Being human is complex business. What I know so far, is that resiliency is built through adversity that is overcome. It’s like a muscle. This is why those countries, who already had experience dealing with SARS or MERS, are more resilient to COVID-19. And why families who already tried homeschooling once are more resilient to this stay-at-home situation.

When we raise our children, we calm and soothe them during distress, and they borrow our methods of coping and integrate them into their own lives.

We know they are useful when they calm, ground, reorient and broaden the outlook (or narrative) of the child in a stressful situation.

What follows are some methods to help you cope with stress. I love Rick Hanson’s ideas about pinning down our good moments because if we don’t, they slip off of us like Teflon, while our bad moments stick to us like Velcro.

1) Slow down, and then slow down some more. The pace of childhood is much slower than ours, and our own pace during stress needs slowing down.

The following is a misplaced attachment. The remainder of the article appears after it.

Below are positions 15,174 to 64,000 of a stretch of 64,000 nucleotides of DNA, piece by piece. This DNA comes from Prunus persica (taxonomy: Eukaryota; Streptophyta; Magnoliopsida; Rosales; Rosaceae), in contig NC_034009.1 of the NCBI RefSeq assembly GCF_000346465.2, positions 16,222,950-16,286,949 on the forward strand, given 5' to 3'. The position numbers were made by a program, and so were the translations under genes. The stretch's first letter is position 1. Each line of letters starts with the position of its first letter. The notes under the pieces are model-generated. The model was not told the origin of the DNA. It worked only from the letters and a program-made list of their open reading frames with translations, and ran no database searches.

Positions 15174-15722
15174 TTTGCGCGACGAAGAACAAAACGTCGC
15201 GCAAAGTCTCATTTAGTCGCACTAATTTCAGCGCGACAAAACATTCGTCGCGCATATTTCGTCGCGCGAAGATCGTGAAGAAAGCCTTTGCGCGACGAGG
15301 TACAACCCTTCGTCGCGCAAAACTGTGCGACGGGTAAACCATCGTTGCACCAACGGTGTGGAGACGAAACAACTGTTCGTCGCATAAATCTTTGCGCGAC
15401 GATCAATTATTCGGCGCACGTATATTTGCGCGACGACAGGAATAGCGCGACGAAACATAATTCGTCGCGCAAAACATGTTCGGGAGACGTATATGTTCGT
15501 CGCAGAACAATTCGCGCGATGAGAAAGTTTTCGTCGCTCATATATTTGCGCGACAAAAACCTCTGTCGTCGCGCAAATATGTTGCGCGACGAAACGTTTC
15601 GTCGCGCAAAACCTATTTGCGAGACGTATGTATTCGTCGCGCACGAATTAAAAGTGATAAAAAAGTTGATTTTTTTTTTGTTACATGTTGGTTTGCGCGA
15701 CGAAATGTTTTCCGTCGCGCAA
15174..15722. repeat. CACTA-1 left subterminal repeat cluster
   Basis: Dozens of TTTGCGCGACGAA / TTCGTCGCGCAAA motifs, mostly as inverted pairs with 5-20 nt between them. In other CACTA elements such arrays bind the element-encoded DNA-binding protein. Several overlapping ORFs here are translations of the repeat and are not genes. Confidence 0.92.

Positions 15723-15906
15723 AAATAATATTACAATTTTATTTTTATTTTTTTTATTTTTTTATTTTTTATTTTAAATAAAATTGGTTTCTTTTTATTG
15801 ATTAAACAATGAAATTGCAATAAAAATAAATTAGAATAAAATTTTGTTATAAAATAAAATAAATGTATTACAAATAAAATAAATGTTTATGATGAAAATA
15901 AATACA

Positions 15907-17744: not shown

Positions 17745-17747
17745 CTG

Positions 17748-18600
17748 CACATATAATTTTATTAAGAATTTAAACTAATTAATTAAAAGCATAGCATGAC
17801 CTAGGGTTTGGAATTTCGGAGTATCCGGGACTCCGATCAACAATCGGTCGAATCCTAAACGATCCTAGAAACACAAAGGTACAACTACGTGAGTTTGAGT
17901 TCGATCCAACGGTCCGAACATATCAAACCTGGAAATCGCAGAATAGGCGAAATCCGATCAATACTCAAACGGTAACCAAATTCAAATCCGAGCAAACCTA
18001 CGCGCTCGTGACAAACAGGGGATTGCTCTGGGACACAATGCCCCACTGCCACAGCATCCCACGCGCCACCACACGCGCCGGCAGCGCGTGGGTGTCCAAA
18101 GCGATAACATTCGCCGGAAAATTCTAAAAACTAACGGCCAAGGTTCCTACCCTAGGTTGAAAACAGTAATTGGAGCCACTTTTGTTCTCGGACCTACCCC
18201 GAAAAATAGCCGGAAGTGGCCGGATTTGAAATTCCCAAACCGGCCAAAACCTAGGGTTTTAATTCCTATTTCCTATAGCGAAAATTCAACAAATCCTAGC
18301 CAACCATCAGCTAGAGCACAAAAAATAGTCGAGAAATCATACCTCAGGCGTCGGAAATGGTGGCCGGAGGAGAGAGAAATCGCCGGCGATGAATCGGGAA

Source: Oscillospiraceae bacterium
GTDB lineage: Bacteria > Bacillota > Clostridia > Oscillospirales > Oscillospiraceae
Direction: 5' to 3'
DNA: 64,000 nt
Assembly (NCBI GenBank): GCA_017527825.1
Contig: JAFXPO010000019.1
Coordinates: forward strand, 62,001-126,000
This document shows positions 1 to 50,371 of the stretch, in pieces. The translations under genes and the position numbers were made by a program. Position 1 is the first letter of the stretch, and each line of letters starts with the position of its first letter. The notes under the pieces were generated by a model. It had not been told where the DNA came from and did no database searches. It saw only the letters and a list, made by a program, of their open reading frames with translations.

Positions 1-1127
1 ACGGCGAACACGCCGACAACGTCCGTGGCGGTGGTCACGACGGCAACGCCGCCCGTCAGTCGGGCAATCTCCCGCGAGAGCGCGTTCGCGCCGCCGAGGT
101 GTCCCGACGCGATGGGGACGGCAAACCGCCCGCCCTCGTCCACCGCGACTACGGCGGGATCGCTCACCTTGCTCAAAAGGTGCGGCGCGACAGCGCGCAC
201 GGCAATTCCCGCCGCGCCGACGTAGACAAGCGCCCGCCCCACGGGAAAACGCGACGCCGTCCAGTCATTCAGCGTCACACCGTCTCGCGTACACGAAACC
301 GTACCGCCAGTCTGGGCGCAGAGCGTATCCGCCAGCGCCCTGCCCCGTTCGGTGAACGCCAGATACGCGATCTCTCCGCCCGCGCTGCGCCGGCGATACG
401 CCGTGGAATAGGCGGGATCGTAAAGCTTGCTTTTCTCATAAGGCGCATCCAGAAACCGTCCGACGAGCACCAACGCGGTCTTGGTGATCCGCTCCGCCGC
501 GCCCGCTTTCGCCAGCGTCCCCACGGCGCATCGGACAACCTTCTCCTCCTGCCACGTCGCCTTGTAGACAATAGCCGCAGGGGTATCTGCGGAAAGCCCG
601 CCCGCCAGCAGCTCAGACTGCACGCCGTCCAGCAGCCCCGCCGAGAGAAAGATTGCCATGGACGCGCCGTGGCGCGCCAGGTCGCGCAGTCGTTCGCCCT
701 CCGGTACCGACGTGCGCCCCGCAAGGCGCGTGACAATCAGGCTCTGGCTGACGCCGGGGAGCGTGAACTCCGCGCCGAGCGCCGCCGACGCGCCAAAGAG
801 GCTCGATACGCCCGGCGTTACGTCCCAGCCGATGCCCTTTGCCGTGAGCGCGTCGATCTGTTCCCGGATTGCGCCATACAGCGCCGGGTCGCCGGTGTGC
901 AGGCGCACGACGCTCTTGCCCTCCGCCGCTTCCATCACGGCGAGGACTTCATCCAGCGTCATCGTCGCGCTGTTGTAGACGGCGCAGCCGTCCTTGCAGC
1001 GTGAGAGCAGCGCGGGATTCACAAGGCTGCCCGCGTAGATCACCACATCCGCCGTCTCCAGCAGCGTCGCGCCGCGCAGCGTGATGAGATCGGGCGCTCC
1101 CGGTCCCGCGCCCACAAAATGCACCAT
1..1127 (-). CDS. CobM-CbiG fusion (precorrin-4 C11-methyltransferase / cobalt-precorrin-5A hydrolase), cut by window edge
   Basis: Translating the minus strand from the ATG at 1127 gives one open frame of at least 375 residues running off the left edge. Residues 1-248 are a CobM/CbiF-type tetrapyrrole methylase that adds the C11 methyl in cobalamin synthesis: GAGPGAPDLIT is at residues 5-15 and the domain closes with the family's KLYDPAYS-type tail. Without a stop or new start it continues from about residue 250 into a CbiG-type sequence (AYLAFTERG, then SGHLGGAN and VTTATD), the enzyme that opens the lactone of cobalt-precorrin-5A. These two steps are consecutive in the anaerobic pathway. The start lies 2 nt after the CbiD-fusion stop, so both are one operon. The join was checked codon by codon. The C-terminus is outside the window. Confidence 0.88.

2) Exhale. If you can do nothing else, exhale consciously and slowly. This will regulate your heart rate and slow your pace somewhat.

3) Nail down a moment of warmth by reflecting on it and then sharing it with someone. Choose a memory that is soothing.

4) When in lack, stop and give. When it feels there isn’t enough of something (time, energy, toilet paper), find a way to give. This includes giving yourself a break or some food or a shower. But it also can mean giving to others.

5) Rather than fight, flight or freeze – tend, mend and befriend. Move toward stressful situations or relationships (rather than away from) with goodwill, openness and friendliness.

6) Reach out for help. Children cry for help when distressed – adults need to do our version of that as well. Reaching out and receiving help builds resiliency because it builds trust in the world. Difficulty is meant to be shared, not carried alone. Don’t reach out to someone you can’t rely on – that will make coping harder. Find people who are truly available to you, and build a little network.

7) And last of all: “Do less. Observe more. Enjoy most!” (Attributed to Magda Gerber) 

About the Author

Kimberley Lewis

Kimberley is a birth-to-three teacher, consultant and writer. She received her master's degree in Waldorf Early Childhood Education from Antioch University New England in Keene, NH. She is a RIE® Associate and avid Pikler student. She has been teaching nursery, preschool, kindergarten and parent-child classes in Waldorf schools since 2007.

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